The important role of these investments in public preschool for inequalities in children’s learning and development is well-documented. In a recent study, I set out to better understand the implications of the rise in children’s preschool attendance for the work lives of their parents, focusing on the very simple outcome of whether parents with children of this age participate in the labor market.

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Research Findings

What studying twins tells us about inequality of educational opportunity

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March 26, 2020

Why do the children of highly educated parents so often turn out highly educated themselves? Is this inheritance largely a social affair, that the welfare state can compensate for by levelling the playing field? Or is educational attainment “mostly in the genes” and thereby beyond the influence of policy levers?

Historically, sociologists have tended to favor social explanations. At the same time we have often shied away from competing perspectives (with important exceptions). Recently, that has begun to change. Understanding the links between genetics and the social environment in generating social inequalities is increasingly a concern for social scientists.

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Research Findings

Labor struggles of domestic workers: examples from Lebanon and Belgium

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March 19, 2020

The way housework is organized has changed significantly over time. We have witnessed a proliferation of platforms and private agencies that provide consumers with occasional cleaners or live-in domestic workers. But what are the experiences of these diverse workers and do they share common interests and struggles? 

In the context of globalizing neoliberal policies, documenting experiences of labor organizing and autonomous initiatives is more important than ever for emancipatory politics. In global care chains, the logistics around the mobility, placement and regulation of domestic workers are increasingly mediated through private-sector brokers.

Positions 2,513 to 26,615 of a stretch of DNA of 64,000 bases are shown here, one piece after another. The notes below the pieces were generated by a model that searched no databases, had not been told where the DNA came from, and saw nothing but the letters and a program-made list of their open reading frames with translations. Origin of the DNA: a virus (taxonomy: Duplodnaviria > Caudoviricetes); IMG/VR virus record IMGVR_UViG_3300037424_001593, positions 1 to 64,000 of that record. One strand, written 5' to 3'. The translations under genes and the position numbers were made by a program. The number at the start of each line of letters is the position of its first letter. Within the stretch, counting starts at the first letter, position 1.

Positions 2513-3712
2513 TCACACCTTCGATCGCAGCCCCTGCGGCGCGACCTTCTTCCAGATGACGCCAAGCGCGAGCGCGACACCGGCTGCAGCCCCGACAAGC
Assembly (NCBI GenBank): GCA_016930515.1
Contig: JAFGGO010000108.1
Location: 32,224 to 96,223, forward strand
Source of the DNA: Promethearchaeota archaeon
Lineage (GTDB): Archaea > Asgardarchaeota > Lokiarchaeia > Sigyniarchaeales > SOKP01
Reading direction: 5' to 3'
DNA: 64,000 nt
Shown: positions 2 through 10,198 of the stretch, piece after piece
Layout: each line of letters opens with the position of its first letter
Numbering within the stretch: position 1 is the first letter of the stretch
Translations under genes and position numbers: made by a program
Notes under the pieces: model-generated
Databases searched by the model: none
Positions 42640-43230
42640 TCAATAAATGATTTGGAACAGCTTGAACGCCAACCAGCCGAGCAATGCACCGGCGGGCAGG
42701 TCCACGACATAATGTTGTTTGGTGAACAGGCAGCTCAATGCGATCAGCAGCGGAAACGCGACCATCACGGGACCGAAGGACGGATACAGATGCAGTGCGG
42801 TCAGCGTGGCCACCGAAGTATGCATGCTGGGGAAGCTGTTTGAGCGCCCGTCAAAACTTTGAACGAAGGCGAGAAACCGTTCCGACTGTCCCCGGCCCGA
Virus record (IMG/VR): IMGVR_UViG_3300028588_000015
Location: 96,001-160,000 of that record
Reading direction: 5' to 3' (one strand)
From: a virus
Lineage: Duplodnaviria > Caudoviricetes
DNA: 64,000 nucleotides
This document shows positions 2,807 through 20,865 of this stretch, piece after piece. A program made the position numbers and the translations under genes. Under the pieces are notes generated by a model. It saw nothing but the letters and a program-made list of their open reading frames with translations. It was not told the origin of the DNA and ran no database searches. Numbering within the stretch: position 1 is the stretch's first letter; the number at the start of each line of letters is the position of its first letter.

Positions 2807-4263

In a recently published article, we compare emerging infrastructures for the regulation of domestic work in Belgium and Lebanon and analyze subversive attempts to organize within these infrastructures. Our case studies illustrate how the commodification and logistification of domestic labor pose new challenges for organizing. 

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Research Findings

Youths’ gender attitudes maintain the status quo

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March 10, 2020

Since the mid-twentieth century, women have entered the labor market in droves and now make up over half of the paid workforce. Still, women do a disproportionate amount of housework and childcare, despite their increasing hours spent in the labor force. Both academic research and public sentiment suggest that most people support gender equality and we just need workplace policies to catch up. But what if workplace policies are not the only barrier to progress?

Our new study in Sociological Science finds that fewer young people desire gender egalitarian arrangements—equal earning and caring roles for men and women—than conventional wisdom presumes. We analyzed almost 40 years of Monitoring the Future data to examine trends in young peoples’ division of labor preferences, an indicator of beliefs about appropriate roles for men and women in both work and family contexts.

Our study differs from prior research by evaluating perceptions of both women and men’s behavior in work and family contexts. Each year, high school seniors were instructed to imagine they were married and have one or more pre-school children. They then evaluated six distinct division of labor arrangements as not at all acceptable, somewhat acceptable, acceptable, or desirable for their future selves. This data enabled us to evaluate whose employment was prioritized, not just tolerated.

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Research Findings

LGBTQ-inclusive anti-discrimination policies are important but insufficient for LGBTQ workplace equality

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March 6, 2020

On Tuesday, October 8th 2019, the Supreme Court heard arguments for the first time regarding whether the federal laws that have banned employment discrimination on the basis of sex can also be applied to lesbian, gay, bisexual, transgender, and queer (LGBTQ) workers. 

Essentially, the question that is now before the court is whether it is legal for LGBTQ workers to be fired or denied jobs on the basis of their sexual orientation and/or gender expression. Given recent social science scholarship documenting persistent patterns of discrimination against sexual and gender minority workers, it is hard to over-estimate the importance of a favorable ruling for current and future generations of LGBTQ-identifying working Americans. 

A common goal in the existing literature on LGBTQ workers is to uncover mechanisms, such as hiring discrimination, that prevent LGBTQ workers from accessing or entering into certain jobs and occupations. Thus, much attention has been paid to the factors impeding LGBTQ workers’ access to certain jobs and occupations. A Supreme Court ruling making such discrimination illegal, many advocates say, would go a long way to addressing these disadvantages. 

Our research suggests that banning discrimination for the hiring and promotion of LGBTQ workers may not act as the great equalizer many have hoped for. In a study of LGBTQ workers who already enjoy anti-discrimination protections, we find that those workers still face a myriad of biases in their workplaces on a day-to-day basis.